An exception will be made for people with disabilities who are in hospital or have to attend an outpatient appointment – where they need a support person to access health services. For example, a sign language interpreter, support person for someone with a learning disability, or someone to assist with mobility. The support person is in addition to the one permitted visitor.

Face covering exemption cards

The Exemptions Team at the Ministry of Health is now responsible for processing requests for Face Covering Communication Cards.

Updated information about mask wearing, and how to request an exemption card can now be found here. People unable to request an exemption card online can call 0800 28 29 26 and select option 2, or text 8988

Patients and visitors should also read the additional more detailed visiting guidelines for each specific hospital.

More COVID-19 information

Today marks last board meeting for Canterbury DHB

Thursday 16 June 2022Canterbury DHB News3 minutes to read

Final Board Meeting at Canterbury DHB

Final Board Meeting at Canterbury DHB

Canterbury DHB’s board met for the last time on Thursday 16 June as the transition to Health New Zealand and the Māori Health Authority on July 1 draws closer.

Canterbury DHB Chief Executive Dr Peter Bramley says that its Board has been focused on creating a health system and community where people take greater responsibility for their own health, stay well in their homes and communities, and receive timely and appropriate care.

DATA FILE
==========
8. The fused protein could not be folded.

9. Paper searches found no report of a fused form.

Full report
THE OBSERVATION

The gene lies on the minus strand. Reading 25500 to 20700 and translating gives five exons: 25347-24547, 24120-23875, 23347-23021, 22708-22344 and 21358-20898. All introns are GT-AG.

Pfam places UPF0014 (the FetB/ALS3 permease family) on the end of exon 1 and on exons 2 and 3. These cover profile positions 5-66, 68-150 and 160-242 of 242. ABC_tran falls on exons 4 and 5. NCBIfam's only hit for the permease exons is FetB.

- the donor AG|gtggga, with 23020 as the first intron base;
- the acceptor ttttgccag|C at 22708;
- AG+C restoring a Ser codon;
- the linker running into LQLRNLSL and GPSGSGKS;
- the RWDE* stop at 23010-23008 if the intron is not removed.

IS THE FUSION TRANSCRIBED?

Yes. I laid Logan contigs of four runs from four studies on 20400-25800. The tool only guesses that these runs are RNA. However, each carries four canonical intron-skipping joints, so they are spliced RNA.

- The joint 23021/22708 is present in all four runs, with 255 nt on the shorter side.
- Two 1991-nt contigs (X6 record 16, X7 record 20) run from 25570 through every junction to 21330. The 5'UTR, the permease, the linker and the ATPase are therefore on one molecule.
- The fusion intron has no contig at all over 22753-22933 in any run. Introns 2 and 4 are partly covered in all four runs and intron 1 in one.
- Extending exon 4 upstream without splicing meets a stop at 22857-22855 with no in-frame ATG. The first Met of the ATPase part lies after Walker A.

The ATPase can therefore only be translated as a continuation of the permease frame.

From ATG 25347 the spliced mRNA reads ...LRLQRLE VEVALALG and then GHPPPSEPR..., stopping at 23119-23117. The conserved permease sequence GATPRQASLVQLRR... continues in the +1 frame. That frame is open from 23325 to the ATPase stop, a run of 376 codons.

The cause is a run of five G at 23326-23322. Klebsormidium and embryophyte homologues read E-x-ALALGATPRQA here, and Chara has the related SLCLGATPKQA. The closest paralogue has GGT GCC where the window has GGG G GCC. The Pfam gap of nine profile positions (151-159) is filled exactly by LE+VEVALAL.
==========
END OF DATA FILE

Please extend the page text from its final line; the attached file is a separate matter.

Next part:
“I would like to thank each and every one of our board members for their service to the people of Canterbury to make sure their health needs are met, particularly Jo Kane and Andrew Dickerson who are our current longest serving board members,” says Dr Peter Bramley.

“This DHB has been through a lot in the past ten years through natural disaster and tragedy, but it has always been incredibly progressive and innovative. Our people do an amazing job in supporting the healthcare of our community every day and in times of challenge, they have gone above and beyond.”

“We operate as an integrated health system in Canterbury and I believe that the strong relationships that we have with our primary care, private, community and NGO colleagues will help us immensely in our transition to Health NZ.”

Canterbury DHB Board Chair Sir John Hansen says that the people of the Canterbury Health System have had to respond in extraordinary ways to the challenges of the past few years, particularly the Canterbury Earthquakes, the Mosque terrorist attacks and the COVID-19 pandemic of the last two years.

“I am proud of what we have achieved through our time in the Board, particularly our preparations and response for COVID-19 and our focus on infrastructure such as opening Waipapa and getting funding for the redevelopment of the Hillmorton campus and the new Central City Birthing Unit. We are leaving Canterbury DHB in a strong position as it transitions to Health New Zealand and the Māori Health Authority. I personally extended my thanks to all who made this possible at today’s meeting.”

The second biggest DHB by population, eight different boards over the years have served communities stretching from Ashburton in the south to Kekerengu (north of Kaikoura) across to Arthurs Pass in the West, along with the Chatham Islands. Canterbury DHB has over 11,000 staff, with a total of 23,500 health workers in our wider health system.



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Page last updated: 17 June 2022